The Texas House gave final approval Tuesday to a sweeping rewrite of the state’s election laws, pushing the bill to the cusp of Republican Gov. Greg Abbott's desk and inching Democrats toward a bruising defeat in a monthslong, bitter fight over voting rights.
The bill passed the GOP-controlled chamber after a last-minute removal of one of its few bipartisan provisions: language aimed at protecting voters with felony convictions from facing prosecution if they cast a ballot without knowing they were ineligible to vote.
New language sought to add clarity that a person must have known he or she was voting illegally in order to face prosecution. But although it had buy-in from the House, it was rejected by Senate negotiators just as the bill was being finalized over the weekend.
The provision was in response to backlash following the illegal voting arrests of two Texans who said they did not realize the law prohibits people on parole, probation or supervised released from voting.
Both voters are Black, which intensified criticism amid a broader fight over voting restrictions that opponents say disproportionately impact people of color.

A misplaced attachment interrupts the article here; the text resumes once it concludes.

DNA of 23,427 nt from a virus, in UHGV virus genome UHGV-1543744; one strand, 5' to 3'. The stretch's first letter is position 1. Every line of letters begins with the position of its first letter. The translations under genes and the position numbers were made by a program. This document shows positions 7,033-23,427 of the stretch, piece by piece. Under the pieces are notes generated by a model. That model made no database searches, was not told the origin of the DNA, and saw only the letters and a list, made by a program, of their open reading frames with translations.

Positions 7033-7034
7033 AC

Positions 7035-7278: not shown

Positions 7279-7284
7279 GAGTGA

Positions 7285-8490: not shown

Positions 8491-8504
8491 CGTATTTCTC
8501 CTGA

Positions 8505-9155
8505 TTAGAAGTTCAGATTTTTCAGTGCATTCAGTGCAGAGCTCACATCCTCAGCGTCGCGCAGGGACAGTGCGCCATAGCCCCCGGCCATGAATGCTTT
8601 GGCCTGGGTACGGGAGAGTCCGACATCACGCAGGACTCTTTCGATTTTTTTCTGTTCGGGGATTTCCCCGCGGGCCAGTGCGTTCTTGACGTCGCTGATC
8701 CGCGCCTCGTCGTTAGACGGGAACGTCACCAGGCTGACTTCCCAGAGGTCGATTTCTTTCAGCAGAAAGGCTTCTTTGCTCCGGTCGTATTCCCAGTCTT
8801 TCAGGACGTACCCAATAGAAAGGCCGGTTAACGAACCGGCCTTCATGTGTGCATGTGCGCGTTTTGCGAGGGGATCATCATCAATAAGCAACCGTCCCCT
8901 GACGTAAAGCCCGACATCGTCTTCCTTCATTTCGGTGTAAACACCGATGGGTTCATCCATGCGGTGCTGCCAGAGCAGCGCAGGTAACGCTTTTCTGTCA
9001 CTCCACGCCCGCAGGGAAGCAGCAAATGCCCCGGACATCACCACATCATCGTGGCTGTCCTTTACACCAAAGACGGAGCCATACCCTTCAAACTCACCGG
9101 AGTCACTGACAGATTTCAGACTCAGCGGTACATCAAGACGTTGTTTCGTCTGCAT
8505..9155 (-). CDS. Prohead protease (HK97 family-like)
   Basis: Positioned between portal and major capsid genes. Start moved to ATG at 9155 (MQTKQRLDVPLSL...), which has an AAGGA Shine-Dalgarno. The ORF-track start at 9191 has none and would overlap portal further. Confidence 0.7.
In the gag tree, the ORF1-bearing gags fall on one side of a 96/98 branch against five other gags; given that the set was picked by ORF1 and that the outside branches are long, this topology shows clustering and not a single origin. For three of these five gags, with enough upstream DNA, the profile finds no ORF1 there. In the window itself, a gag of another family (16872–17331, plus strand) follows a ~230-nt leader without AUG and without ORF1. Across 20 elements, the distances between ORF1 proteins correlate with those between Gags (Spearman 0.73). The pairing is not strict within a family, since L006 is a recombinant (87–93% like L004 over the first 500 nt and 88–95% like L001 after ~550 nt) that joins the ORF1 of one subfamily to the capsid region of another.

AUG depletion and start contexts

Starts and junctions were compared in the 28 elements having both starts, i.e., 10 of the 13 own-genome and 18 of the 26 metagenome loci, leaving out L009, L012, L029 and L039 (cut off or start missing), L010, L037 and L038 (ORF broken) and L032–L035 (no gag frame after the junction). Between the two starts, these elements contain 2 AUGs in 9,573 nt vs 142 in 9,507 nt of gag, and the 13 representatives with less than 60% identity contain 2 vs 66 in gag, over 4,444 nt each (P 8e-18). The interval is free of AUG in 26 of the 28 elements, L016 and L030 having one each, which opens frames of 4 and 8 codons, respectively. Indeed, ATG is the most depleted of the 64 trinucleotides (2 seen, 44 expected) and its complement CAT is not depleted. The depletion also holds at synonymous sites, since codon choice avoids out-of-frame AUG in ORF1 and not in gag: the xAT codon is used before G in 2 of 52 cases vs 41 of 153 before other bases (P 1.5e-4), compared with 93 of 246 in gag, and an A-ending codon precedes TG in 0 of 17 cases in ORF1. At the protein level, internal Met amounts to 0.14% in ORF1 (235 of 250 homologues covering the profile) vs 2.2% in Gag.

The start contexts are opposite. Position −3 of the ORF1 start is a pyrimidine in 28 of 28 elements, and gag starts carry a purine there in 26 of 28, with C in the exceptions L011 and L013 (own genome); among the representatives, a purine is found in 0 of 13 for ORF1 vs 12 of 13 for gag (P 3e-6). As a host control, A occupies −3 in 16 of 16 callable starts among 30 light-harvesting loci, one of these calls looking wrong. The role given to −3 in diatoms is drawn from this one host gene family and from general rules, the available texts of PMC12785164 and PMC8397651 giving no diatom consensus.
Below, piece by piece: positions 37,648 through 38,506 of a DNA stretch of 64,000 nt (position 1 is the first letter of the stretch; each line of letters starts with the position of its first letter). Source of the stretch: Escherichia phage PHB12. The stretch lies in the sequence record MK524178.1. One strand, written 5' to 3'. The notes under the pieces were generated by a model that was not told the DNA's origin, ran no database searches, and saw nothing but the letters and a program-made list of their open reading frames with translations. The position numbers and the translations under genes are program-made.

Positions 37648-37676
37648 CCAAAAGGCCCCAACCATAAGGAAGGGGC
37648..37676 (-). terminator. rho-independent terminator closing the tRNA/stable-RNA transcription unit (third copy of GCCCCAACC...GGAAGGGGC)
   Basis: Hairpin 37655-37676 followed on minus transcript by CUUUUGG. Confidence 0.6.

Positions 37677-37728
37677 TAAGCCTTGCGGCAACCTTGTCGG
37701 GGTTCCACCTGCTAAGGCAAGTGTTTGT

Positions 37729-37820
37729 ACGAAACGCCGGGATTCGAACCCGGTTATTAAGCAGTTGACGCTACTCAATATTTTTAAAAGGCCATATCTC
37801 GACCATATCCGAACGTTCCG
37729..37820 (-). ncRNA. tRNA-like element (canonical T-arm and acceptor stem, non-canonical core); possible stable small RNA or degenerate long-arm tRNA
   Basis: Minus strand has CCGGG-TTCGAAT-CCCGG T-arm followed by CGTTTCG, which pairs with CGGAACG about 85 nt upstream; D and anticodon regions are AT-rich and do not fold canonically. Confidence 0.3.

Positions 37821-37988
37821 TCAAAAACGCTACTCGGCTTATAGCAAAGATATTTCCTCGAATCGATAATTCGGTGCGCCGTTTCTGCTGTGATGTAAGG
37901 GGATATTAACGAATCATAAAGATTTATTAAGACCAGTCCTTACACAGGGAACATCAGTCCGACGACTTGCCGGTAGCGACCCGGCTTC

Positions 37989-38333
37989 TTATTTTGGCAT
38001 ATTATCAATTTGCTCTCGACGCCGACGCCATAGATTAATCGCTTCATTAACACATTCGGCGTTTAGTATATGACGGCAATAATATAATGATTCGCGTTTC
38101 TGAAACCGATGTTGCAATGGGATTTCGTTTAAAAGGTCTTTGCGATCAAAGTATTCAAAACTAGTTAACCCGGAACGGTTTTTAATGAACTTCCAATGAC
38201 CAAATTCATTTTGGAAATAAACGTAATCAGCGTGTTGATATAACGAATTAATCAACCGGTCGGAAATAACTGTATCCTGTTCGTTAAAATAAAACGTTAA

The bill would limit how and when voters can cast a ballot in booming and fast-changing Texas, where decades of commanding Republican victories on Election Day are starting to shrink. Many of the most hotly contested changes would eliminate expanded voting access that Texas' largest county put in place during the COVID-19 pandemic.
Harris County, which includes Houston and is a major source of Democratic votes, offered 24-hour polling places, drive-thru voting and tried sending mail-ballot applications to 2 million registered voters last year. All of that would now be outlawed under the bill heading to Abbott.
Republicans say criticism of the bill's impacts are exaggerated and emphasize it would add an extra hour of early voting daily, as well as expand the number of counties that must offer 12 hours of early voting on weekdays.
Additional reporting by the Associated Press.